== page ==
Bad Sounds are a groove-based, hip-hop inspired 5-piece band from Bath. Since forming, their single Avalanche has been hailed ‘Best Record in the World’ by Annie Mac, they’ve performed at Glastonbury and Bestival, and were shortlisted for MTV’s ‘Brand New’ competition in 2017. I was lucky enough to catch up with brothers Ewan and Callum Merrett at the Barrowland Ballroom in Glasgow, before their debut show supporting Rat Boy on their Civil Disorder tour.
Let’s start with the origins of the band – when and why did you decide to start Bad Sounds?
- Ewan - me and Cal are brothers and we used to play in bands when we were kids. Cal moved away to London and Bristol, and got into recording bands and learning how a studio works, while I got more into hip hop and sample based stuff. We were doing separate stuff for a while, but after moving back we were both in the same house again so we thought we’d try something out. We really liked what we did – what we were doing separately felt generic, but coming together we found a better direction.
- Callum - It was exciting working that way because we were learning things off each other, whereas before we were just in the same place as guitarists.
You’ve been compared to artists like Beck numerous times, along with being associated with an indie-funk style – who do you consider to be the biggest influences for your music?
- E – not indie funk, that’s a term that destroys me! Haha no it’s fine… I don’t know - I feel like we’re more into albums than artists: Demon Days by the Gorillaz is a massive influence on me, as well as Midnight Marauders by a Tribe Called Quest and De La Soul. I find it hard to put my finger on why I like an album – there’s good stuff in everything.
- C – I like Paul’s Boutique by the Beastie Boys. That was produced by the same guys who did Odelay by Beck, another great album. That production duo had the biggest impact on the overall way that we think about constructing a song and our production technique. They use really cool breaks and don’t seem to worry about chopping songs straight into each other. They make the music seem like it’s fluid which I really like.
Why the qualm with Indie Funk?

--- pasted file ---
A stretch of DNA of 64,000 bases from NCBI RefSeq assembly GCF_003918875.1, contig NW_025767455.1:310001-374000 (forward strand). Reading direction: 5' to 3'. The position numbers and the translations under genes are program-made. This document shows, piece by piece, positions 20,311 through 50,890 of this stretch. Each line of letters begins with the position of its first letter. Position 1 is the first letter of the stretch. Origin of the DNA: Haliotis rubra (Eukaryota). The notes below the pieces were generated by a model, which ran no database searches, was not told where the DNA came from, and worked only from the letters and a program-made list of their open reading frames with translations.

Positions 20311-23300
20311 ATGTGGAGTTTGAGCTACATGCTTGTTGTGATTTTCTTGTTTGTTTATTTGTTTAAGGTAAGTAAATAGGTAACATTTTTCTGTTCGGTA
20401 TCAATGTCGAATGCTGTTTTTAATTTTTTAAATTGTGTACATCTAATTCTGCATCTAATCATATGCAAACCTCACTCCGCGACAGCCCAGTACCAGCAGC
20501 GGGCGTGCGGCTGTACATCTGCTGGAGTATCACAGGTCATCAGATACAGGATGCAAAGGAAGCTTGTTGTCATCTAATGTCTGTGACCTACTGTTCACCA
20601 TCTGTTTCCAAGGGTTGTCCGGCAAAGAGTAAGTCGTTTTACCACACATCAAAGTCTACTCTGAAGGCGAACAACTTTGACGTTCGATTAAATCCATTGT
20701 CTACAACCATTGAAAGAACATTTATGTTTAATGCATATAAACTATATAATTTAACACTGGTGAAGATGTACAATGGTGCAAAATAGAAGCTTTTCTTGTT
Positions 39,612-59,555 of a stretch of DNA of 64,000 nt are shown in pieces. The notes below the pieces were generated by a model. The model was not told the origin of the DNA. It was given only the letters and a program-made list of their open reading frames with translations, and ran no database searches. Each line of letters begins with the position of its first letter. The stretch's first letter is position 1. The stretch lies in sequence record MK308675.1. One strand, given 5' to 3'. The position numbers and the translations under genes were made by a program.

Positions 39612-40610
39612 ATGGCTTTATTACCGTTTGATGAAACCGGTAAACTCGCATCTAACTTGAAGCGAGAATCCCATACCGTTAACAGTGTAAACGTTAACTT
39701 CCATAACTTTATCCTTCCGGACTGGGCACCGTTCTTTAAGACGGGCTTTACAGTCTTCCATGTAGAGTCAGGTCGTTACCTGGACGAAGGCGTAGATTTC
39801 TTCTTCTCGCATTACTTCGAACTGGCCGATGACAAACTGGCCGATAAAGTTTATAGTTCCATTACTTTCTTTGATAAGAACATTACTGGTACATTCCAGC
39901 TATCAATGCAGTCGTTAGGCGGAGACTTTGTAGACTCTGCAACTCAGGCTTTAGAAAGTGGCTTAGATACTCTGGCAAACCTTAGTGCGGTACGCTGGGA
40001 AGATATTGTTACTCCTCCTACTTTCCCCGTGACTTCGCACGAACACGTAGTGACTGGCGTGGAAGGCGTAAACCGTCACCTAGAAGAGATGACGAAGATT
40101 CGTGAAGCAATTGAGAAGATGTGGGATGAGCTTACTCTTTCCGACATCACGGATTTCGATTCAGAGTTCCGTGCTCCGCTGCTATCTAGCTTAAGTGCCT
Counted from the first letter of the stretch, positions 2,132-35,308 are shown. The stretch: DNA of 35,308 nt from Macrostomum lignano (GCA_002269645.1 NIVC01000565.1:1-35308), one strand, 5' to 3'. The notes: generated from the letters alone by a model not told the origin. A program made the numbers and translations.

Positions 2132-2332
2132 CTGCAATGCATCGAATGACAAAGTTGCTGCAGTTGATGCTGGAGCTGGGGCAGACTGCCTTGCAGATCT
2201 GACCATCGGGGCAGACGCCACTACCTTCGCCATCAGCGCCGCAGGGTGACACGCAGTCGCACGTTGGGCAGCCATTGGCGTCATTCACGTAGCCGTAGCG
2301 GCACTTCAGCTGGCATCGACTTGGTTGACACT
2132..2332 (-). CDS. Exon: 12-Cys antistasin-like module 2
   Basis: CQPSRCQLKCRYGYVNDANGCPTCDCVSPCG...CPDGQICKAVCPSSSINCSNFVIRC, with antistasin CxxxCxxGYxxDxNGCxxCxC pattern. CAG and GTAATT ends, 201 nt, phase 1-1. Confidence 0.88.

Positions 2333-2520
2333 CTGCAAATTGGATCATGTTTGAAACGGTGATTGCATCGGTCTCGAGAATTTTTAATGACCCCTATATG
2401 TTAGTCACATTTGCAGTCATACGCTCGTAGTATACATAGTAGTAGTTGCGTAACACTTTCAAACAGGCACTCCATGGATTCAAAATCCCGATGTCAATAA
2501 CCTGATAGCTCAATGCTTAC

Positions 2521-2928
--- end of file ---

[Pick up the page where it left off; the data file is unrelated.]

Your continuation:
- E - I think for me, I never considered myself into indie music. I like funk music like James Brown and Sly and the Family Stone but ‘Indie Funk’ makes me think of every worst band at a festival ever. I don’t really have any qualms with ‘Indie Funk’ - I feel it comes out really bad if we’re like DON’T CALL US INDIE FUNK!
- C – I think it’s just that if someone had never heard us and then someone described us as indie funk, I don’t really feel like that’s the best introduction to our sound. When I think about the influences we just talked about, there’s definitely a lot of groove based stuff and we definitely have a DIY approach to certain things which I guess the indie thing would come into, but we’ve never really related to the indie scene. The thing is, we seem to have been taken under its wing which is a really nice compliment to be honest.
You’ve said in the past that a lot of your lyrics come from conversations you’ve had with friends. Is there a favourite memory that you associate with any of your songs?
- C – I really like the Julie story, because I don’t really see her anymore. I used to work with her and she was just the loveliest character, so I think that every time we perform. When I get to sing that line I always think about her, and it’s just nice for me.
- E –I don’t have a favourite, but the line about the dog tattoo has become more of a thing than I ever thought it was going to, especially because I’ve never spoken to the person about it. I’m always worried she’s going to read it in an interview or hear somewhere that the line was about her and be like ‘alright, this guy’s a bit mental!’
Talking about gigs, what’s been the most inspirational gig you’ve been to?
- E – I wouldn’t say so much in terms of stage presence and stuff like that, but before we saw The Flaming Lips, I never really liked live gigs. It was the first time I’d seen an artist put on a proper show – a gig could be fun and you’d go home having actually enjoyed yourself and not just watched four moody people. We also saw De La Soul in Bristol, and they properly threw a party which was really cool. But yeah, I really liked the idea that it could be a fun night and not just bands playing their songs.
What kind of stuff are you listening to right now?
- C – I feel like people will get the wrong idea if I say, but I listen to a lot of jazz and new jazz hip-hop hybrid stuff. There’s a guy called Chris Dave who’s an insane drummer. This guy plays live drums like J Dilla programmes them, which is really interesting. We grew up as guitarists, but as you get into sampling and hip-hop and making beats and stuff, you start paying a lot more attention to the drums.
- E – Me and Sam were just listening to some Dr. Dre…
If you could have a dinner date with any musician, who would it be?
- C – QuestLove – he’s my idol. I love his passion for music and his enthusiasm for learning everything about music. I want his brain.
- E – Timbaland because it would be amazing to watch him say the most awful things over and over again.
To wrap up, can we expect a debut album anytime soon from you guys?
- C – I hope so! We’re working on it.
Catch Bad Sounds at Community Festival this summer (https://communityfestival.london/) or on the remainder of Rat Boy’s Civil Disorder UK tour. For all the latest news and releases you can hit up their website at: http://www.realbadsounds.com/.
All photo credits go to Alice Hadden at http://www.alicehadden.com/
For a full review of Bad Sounds’ performance, click here: https://freshair.org.uk/posts/bad-sounds-at-barrowland-ballroom-glasgow